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Late BBC TV presenter accused of sex abuse

Veteran British radio DJ and TV presenter Jimmy Savile is pictured in October 2006.

Story highlights

  • Claims of sexual abuse have been made against a late BBC children's TV presenter
  • Five women say Jimmy Savile abused them when they were teenage girls
  • The BBC says it is horrified by the claims of abuse, dating back to the 1960s and 1970s
  • A nephew of Savile, who was knighted for his charitable work, defends his reputation

Britain's public service broadcaster, the BBC, was caught up in a growing furor Saturday over claims that a late children's TV presenter sexually abused young women and girls, sometimes on its premises, in the 1960s and 1970s.

The abuse claims, which come almost a year after presenter Jimmy Savile died, were made by five women in a documentary screened by rival broadcaster ITV Wednesday.

Those interviewed for the film, titled "Exposed -- the other side of Jimmy Saville," gave detailed accounts of sexual assault while as young as 14 or 15. One said she was raped by him at age 16.

Interviewed on a BBC program Saturday, BBC Director of Editorial Policy David Jordan gave what appeared to be the strongest confirmation yet from the broadcaster of wrongdoing on its premises.

"I think the fundamentals of the story are now well established," he said. "We now know that a number of women were appallingly sexually abused by Jimmy Savile, sometimes on BBC premises, at times during the 1960s and 1970s."

The police are now involved in the matter and the BBC says it is cooperating fully.

    London's Metropolitan Police said in a statement Friday that its officers had met with representatives from the BBC and a national child protection charity.

    "We are now collating information gathered from a range of sources across the UK and will continue contacting individuals who have made allegations in relation to the late Jimmy Savile over the coming weekend," it said.

    Jimmy Savile sports his Order of the British Empire medal after his 1972 investiture at Buckingham Palace in London.

    "We do not expect to have a clear picture of exactly how many women may have suffered abuse until next week and want to allow time for victims to reflect on what they may have experienced."

    Savile, who hosted popular children's TV programs including "Jim'll Fix It" and "Top of the Pops," was a household name in Britain for decades. He was also well known for his charitable work, having raised millions of pounds, and was awarded a knighthood. He died last October aged 84.

    A BBC statement released earlier this week said it was horrified by the claims that have emerged.

    "A number of serious and disturbing allegations have been made over the past few days about the sexual abuse of teenage girls by Sir Jimmy Savile," it said.

    "Some of these allegations relate to activity on BBC premises in the 1960s and 70s. We are horrified by allegations that anything of this sort could have happened at the BBC -- or have been carried out by anyone working for the BBC.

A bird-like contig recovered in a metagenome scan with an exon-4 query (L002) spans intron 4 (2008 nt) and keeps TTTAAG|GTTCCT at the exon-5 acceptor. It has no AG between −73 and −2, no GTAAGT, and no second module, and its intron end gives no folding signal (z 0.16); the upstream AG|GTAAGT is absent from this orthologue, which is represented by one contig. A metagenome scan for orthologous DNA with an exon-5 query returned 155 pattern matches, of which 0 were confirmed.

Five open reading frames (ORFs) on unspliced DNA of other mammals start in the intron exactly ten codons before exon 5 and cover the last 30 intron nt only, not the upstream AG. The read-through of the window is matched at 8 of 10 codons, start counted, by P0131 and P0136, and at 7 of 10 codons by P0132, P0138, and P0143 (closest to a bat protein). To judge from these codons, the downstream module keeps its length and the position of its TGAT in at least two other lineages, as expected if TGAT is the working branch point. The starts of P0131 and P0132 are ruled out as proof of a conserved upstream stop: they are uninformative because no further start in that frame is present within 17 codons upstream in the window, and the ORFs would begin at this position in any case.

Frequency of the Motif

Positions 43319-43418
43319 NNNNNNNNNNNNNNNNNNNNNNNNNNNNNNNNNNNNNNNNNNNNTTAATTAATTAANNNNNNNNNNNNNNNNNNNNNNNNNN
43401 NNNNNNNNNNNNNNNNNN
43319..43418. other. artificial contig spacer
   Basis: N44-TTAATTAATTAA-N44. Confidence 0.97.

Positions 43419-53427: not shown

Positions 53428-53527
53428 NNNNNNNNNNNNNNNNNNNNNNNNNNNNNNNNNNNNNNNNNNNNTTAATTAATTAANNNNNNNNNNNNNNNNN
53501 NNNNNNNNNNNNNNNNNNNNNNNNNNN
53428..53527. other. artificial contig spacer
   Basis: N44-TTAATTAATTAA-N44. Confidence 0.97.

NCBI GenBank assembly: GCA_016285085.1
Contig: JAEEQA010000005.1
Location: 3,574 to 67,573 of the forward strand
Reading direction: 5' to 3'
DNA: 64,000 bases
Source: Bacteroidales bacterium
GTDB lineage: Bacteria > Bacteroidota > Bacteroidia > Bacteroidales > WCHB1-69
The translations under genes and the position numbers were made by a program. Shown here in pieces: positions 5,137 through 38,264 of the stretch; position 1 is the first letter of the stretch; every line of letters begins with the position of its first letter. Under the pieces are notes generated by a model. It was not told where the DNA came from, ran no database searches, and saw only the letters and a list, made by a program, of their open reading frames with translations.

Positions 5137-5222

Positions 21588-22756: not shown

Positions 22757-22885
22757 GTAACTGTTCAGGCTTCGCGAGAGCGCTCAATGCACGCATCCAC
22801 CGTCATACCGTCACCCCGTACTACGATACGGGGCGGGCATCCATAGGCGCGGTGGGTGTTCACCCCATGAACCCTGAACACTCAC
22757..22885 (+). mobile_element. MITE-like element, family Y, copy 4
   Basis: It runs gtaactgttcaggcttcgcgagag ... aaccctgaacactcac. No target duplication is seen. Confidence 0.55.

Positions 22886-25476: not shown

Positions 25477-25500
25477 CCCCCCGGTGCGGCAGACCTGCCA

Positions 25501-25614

"They are allegations of a serious criminal nature which the police have the proper powers to investigate."

    A nephew of Savile, Roger Foster, said he had "every faith" his uncle was innocent of the claims and would have defended himself "vigorously" had the allegations been made in his lifetime.

    "It seems to me a terribly one-sided program. How can anybody defend themselves if they are not here to do that?" Foster said in a recent interview with Britain's Telegraph newspaper.

    "It just seems to be very, very sad that these comments have come out now. If there was any truth to them at all, why didn't they come out years ago when it actually happened?"

    The controversy has prompted a wider examination of an apparent culture of sexism at the BBC in past decades that may have fed into abusive behavior.

    Liz Kershaw, a DJ who started working at BBC Radio 1 in 1987, just after Savile left the station, described the environment then as "like walking into a rugby club locker room."

    She told BBC Radio 4 on Saturday that his behavior was an "open secret" within the station, saying, "round Radio 1 everybody joked about Jimmy Savile and young girls."

    She was also routinely groped by another radio presenter while live on air, she said -- and her complaints about this were met by ridicule.

    Kershaw acknowledged that the broadcaster would treat such a complaint differently now, but said that at the time she was groped its response had been out of step with public views on acceptable behavior.

    The BBC has also come under pressure to explain why its own flagship Newsnight program, which looked into a previous police investigation into abuse claims against Savile last year, decided not to run the story. That police investigation was dropped for lack of evidence.

    The program's editor, Peter Rippon, said the decision was made solely for editorial reasons.

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